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Topics: science and engineering practices, Next Generation Science Standards

Mar 1, 2017 by Francis Vigeant

Building a Framework of Concept Knowledge Using Science & Engineering Practices

A performance expectation broken down in three dimensions: science and engineering practices, disciplinary core ideas and crosscutting concepts. Each performance expectation is part of a larger framework.

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Topics: Next Generation Science Standards, Concept Knowledge

Feb 25, 2017 by Francis Vigeant

Timeline for the Full Release of Responsibility

A full release of responsibility to students doesn’t happen overnight, but progresses in stages from a group-think to a collaborative model to independence, in which students begin operate independently or in small teams with check-ins.

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Topics: Next Generation Science Standards, release of reponsibility

Feb 24, 2017 by Francis Vigeant

Aiming for Mastery Readiness

In order to create an environment in which challenge exceeds skill, you must be aware of the different levels of readiness. While traditional models of instruction typically get students to awareness or knowledge readiness, NGSS seeks to push students into performance and mastery readiness.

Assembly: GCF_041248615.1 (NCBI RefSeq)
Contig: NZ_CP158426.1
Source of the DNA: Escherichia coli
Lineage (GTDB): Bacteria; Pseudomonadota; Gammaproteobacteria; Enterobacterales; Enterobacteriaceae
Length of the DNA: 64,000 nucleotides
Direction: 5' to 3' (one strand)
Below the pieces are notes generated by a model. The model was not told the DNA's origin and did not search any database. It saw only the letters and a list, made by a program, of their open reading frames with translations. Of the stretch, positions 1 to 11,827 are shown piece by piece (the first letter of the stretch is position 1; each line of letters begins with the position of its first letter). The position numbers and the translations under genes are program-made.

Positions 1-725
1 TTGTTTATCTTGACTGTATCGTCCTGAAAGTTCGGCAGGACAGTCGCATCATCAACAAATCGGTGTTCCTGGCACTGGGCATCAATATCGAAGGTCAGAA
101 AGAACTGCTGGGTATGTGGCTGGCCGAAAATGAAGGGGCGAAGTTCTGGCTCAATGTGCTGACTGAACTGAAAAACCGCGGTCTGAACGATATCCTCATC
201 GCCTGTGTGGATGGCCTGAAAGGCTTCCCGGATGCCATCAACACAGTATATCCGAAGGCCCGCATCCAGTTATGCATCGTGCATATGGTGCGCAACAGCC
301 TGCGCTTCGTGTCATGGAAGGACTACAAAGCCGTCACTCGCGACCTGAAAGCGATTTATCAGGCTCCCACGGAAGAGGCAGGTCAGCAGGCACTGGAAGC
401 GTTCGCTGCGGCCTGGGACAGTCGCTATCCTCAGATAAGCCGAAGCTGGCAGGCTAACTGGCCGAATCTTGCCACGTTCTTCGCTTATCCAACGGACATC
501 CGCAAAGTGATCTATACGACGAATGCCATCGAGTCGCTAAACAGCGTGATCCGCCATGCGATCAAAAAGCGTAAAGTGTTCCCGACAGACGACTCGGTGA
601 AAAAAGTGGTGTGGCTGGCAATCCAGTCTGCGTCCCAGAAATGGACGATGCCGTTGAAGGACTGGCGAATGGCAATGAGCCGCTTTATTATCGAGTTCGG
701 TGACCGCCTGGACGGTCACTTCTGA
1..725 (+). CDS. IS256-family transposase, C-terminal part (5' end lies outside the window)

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Topics: Next Generation Science Standards, Readiness Levels

Feb 22, 2017 by Francis Vigeant

Performance in Three Dimensions

In order to create an environment in which the challenge exceeds skill, you can use anchor and investigative phenomena to encourage performance in three dimensions (science and engineering practice skills, disciplinary core ideas and crosscutting concepts).

 

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Topics: Next Generation Science Standards

Feb 19, 2017 by Francis Vigeant

The 7 Habits of Highly Effective K-8 Science Teachers: Starting with "Why"

In order to be highly effective, teachers must form pedagogical habits that automatically create a culture of higher order thinking. This is a point of confusion for many, because the entire nature of inquiry is that it isn’t automatic. To be clear, teachers should not automate their lessons, their assessments, their instructional supports, their coaching style or any aspect of individual lessons. Rather, they should automate their expectations for dialogue and thinking. For example making it a habit to start with “why,” setting accurate expectations about effort and deliberate practice, giving immediate helpful feedback as a coach rather than an expert are all examples of the go-to approach teachers must possess if they’re to successfully coach students to be scientists and engineers.

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Topics: Next Generation Science Standards